October 3, 2014 at 4:01 am

    […] Glitter ice cubes!?! Yes, there’s edible glitter! […]

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  • Allysia
    October 4, 2014 at 6:07 pm

    As much as I love this idea and think it looks absolutely beautiful – I’m all about some glitter, Disco Dust is not edible. It IS nontoxic, but is not a food grade, edible item and says as much at the top of the NY Cake website link. (I had to double check because I’d have tinkled myself in excitement if it had been changed.) My understanding is that its usually made from bits of plastic to be used in food decorating, on removable things like decoratings from a cake. Just something to keep in mind! :)

    Reply
    • Victoria
      October 4, 2014 at 9:11 pm

      Allysia, If you are wanting to try it, but worried about the health factor – you can always make your own! Here is our recipe for totally food grade homemade food glitter involving sugar and food coloring – https://asubtlerevelry.com/sugar-glitter-layer-cake

      Still not something to put on the health food list, but for a birthday… totally worth it!

      Reply
  • Rachel | The Crafted Life
    October 4, 2014 at 6:17 pm

    I can pretty much die happy now, these are AMAZING!

    Reply
  • Lisa @ Healthy Nibbles & Bits
    October 5, 2014 at 7:00 pm

    Such a fun party idea! This would be a great hit during the holiday season!

    Reply
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  • anna
    December 19, 2015 at 8:21 am

    I just want to warn everyone, non-toxic does not mean the glitter is edible. It means you can use it for decorations that might come in touch with food, but are not supposed to be eaten. the packaging should specifically say ‘edible’.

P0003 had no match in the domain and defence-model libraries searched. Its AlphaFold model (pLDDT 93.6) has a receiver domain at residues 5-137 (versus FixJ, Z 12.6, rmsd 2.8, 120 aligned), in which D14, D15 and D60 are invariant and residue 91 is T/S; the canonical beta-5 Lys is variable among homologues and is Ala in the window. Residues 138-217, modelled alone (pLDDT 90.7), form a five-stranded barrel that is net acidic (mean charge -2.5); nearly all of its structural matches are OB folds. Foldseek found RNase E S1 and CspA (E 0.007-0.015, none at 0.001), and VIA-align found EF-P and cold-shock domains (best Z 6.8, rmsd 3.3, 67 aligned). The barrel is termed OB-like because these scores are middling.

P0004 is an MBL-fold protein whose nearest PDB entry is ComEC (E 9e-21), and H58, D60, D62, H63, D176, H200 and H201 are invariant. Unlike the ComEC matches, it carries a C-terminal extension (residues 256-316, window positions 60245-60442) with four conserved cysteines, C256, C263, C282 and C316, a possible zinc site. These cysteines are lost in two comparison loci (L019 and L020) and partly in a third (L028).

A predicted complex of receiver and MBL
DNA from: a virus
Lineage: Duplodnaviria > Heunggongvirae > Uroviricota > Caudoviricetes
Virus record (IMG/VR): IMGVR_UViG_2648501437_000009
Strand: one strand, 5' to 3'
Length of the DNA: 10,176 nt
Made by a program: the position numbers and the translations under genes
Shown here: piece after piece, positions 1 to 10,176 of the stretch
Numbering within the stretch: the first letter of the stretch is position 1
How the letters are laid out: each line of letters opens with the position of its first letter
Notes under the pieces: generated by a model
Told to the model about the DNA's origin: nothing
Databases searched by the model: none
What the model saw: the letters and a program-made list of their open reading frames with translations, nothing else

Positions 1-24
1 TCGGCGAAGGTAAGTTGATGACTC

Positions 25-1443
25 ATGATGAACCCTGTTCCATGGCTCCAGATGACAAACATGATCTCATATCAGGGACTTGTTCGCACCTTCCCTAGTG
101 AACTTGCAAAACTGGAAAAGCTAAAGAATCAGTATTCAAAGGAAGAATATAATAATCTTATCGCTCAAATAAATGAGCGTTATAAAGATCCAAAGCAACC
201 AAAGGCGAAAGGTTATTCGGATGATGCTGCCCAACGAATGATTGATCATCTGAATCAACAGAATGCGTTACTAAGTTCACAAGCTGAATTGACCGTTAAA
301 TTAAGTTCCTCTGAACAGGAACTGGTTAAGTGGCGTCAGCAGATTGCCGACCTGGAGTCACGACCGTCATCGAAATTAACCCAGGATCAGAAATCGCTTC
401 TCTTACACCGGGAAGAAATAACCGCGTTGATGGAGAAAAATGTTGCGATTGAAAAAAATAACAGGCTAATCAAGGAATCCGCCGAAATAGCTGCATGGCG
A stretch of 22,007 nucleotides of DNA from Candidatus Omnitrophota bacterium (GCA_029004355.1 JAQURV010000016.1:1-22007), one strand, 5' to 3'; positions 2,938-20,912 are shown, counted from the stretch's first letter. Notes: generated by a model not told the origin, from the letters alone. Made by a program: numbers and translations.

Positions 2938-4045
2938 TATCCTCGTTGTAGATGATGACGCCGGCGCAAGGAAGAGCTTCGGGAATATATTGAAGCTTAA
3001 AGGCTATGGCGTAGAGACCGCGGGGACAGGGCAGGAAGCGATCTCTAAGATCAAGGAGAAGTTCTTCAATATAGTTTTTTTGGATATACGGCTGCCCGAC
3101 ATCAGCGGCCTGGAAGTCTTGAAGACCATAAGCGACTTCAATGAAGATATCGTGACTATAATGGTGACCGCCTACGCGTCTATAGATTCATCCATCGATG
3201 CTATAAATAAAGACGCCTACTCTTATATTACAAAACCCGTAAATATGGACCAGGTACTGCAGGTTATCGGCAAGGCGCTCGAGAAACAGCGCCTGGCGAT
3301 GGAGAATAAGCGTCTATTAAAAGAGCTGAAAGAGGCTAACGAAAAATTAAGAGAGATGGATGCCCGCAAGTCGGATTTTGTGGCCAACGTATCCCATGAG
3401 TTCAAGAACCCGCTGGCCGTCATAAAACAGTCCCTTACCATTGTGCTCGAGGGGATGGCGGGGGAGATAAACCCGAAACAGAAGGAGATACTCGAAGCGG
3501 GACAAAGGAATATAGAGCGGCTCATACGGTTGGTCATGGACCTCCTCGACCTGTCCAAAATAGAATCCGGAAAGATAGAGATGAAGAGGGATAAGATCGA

Reply
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    March 14, 2016 at 10:13 am

    Whoa. These are *literally* the coolest idea ever. Thank you for the inspiration!

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  • Megan
    June 1, 2016 at 11:38 am

    So the glitter doesn’t melt or gum up? That’s great!

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  • heather
    July 21, 2016 at 6:01 am

    I love this idea I have made it myself before using edible glitter it doesn’t melt straight away because its frozen and drink is cold I think I tried both store brought, specialised shop brought and home made and seriously why is there such a big deal made about glitter it will float to top so you use a straw leave last bit if you drink tiny bit you wont die so relax have fun if seriously worried make your own

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    How to make editable ice cube sparkles or where can you get it